Home / Conditions Treated / Elbow and Forearm / Pronator Syndrome
ELBOW

Anatomy

The elbow and forearm form a functional unit whose primary role is to accurately position the hand in space. view 

Elbow Contusion

An elbow contusion results from blunt direct trauma and produces muscle strains and ligament sprains. view 

Ligament Tears and Elbow Fractures

Fractures about the elbow are the result of high energy injuries. view 

Forearm Compartment Syndrome

Compartment syndrome in all extremities is an orthopedic emergency. view

Elbow/Forearm Wounds/Amputations

Wounds occurring in the forearm and elbow must be treated as an emergency because the risk of infection if left open increases about 7 hours after an injury has occurred. view

Elbow Arthritis

Arthritis in the elbow can occur after an injury (post-traumatic arthritis), congenital lack of blood supply to the bone causing flaking off of the cartilage called Osteochondritis Dessicans. view

Cubital Tunnel Syndrome

Cubital tunnel syndrome is the compression of the ulnar nerve at the level of the elbow. view

Pronator Syndrome

Pronator syndrome is the compression of the median nerve around the elbow and palmar side of the forearm. Because it is the same nerve that causes carpal tunnel syndrome, there is overlap in the symptoms making the diagnosis difficult, at times. view

RTS & PIN Palsy

Radial tunnel syndrome and posterior Interosseous Nerve palsy are both a result of compression of the Posterior interosseous nerve with a more severe compression occurring in posterior interosseous nerve palsy. view

Lateral Epicondylitis, Medial epicondylitis, Distal Biceps Tendon Rupture

Lateral epicondyltis also called tennis elbow and medial epicondylitis called golfers elbow is a condition affecting the forearm muscles’ on the humeral bone at the elbow called the lateral and medial epicondylitis respectively. view

Elbow Stiffness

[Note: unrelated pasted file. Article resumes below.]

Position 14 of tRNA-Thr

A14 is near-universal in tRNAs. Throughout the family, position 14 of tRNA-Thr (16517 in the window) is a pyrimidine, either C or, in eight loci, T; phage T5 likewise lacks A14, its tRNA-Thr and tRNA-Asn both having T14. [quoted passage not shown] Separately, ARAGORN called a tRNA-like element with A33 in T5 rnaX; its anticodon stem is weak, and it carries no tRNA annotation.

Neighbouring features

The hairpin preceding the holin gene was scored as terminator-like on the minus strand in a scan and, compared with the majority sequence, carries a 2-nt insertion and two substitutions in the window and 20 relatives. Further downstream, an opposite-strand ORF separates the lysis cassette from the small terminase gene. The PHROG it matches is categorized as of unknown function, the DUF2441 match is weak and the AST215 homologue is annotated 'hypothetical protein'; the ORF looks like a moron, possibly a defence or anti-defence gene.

The cause of a stiff elbow is either at the bony level or the collagen capsule/ligament level or both. view

Elbow and Forearm Infections

The elbow, like the shoulder is well perfused with ample blood supply allowing for circulating white blood cells to offer excellent protection against infection and, consequently an elbow infection is uncommon. view

Elbow Tumors

Tumors are divided into benign and malignant types. A benign tumor is an abnormal growth of a particular cell type presenting as a mass. view

PRONATOR SYNDROME

Pathology

Pronator syndrome is the compression of the median nerve around the elbow and palmar side of the forearm.

The median nerve is one of the five nerves arising from the brachial plexus and traveling down the arm to innervate the forearm and hand muscles.

Responsibilities of the Median Nerve

  • Most of the flexor mass muscles
  • The muscles on the palmar side of the thumb
  • Sensations of the thumb, index, long and thumb side of the ring finger

When the median nerve is compressed, the sensation of these 3 ½ fingers is progressively lost and the muscle girth of the forearm muscles decrease due to muscle atrophy.

Depending on where the compression occurs will depend upon whether the sensation and muscle strength is affected.